Wednesday, October 30, 2019

Reading Nonfiction Aloud: Encouraging Student Responses

I talk to lots of educators who are interested in sharing more nonfiction read alouds with their students, but they have some concerns. Here are the three main questions they ask: 

1.    How do I locate appropriate nonfiction titles?

2.    How do I read nonfiction aloud in a way that engages students?

3.    How do I encourage and facilitate student responses to a nonfiction read aloud?

I addressed the first two questions last week and the week before. You can scroll down to read my suggestions. Today, I’m going to focus on question number 3.

When someone asks me for advice on how to encourage and facilitate student responses to a nonfiction read aloud, I reassure them that this is the last thing they need to worry about. Here’s why:

During a fiction read aloud, students have no idea what to expect. The story could go in any direction at all. The only limit is the author’s imagination. As a result, during fiction read alouds, students often sit quietly, waiting to hear how the story will unfold.

But students come to nonfiction read alouds armed with a powerful tool—their prior knowledge. They’ll have a cornucopia ideas and opinions before you even open the book. In fact, one of your students may even be a mini-expert on the topic.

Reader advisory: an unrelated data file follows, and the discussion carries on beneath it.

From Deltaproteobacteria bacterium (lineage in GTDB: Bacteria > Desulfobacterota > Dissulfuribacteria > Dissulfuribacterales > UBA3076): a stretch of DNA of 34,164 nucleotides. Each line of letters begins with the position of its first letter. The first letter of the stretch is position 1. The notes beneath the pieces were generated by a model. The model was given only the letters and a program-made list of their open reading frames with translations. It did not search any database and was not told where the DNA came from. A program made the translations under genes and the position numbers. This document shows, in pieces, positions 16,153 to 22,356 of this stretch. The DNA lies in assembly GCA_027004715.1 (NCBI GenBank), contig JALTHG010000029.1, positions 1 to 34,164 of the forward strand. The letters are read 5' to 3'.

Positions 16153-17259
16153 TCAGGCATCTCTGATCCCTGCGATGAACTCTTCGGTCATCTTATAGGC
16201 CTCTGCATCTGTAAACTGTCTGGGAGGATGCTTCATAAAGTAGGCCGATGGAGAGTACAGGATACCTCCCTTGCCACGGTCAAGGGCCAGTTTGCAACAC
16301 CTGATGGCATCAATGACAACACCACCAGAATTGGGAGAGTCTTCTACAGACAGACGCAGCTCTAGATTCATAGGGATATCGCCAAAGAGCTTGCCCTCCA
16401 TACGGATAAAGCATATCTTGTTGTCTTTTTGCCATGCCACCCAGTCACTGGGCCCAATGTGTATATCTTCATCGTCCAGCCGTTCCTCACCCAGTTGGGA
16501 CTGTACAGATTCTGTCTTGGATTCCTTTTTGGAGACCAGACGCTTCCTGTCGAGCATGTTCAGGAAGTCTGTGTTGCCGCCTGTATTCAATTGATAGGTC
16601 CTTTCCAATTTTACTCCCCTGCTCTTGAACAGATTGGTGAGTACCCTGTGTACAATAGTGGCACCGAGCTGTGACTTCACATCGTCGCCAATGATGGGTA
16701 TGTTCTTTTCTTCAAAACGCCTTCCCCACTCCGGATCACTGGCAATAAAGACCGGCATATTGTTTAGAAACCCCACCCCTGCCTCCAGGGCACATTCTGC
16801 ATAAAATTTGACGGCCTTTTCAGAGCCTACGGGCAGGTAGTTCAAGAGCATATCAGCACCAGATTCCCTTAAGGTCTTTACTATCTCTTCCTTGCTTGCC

Instead of passively waiting to hear the story, children will be eager to contribute. All you have to do is let them. Encourage children to talk with one another about what they’re hearing and thinking and wondering. Every once in a while, stop reading and invite students to share their thoughts.

While organic student-led conversations are often sufficient, in some cases, you may want to document a nonfiction read-aloud experience. In his wonderful article “Nurturing Inquiring Minds with Nonfiction Read Alouds,” highly-regarded educator Tony Stead suggests recording student thinking before, during, and after the read aloud using a table with the following headings: “What We Think We Know,”  “Confirmed,” “We Don’t Think this Anymore,” “Exciting New Information,” and “Wonderings.”

This strategy works especially well when students come to the read aloud with misconceptions about a topic. It can also spark inquiry and guide students as they independently research and write about a topic.

So what do you think? Has this 3-part series made nonfiction read alouds seem more manageable? If you still have questions, please let me know. I’d like to help if I can.

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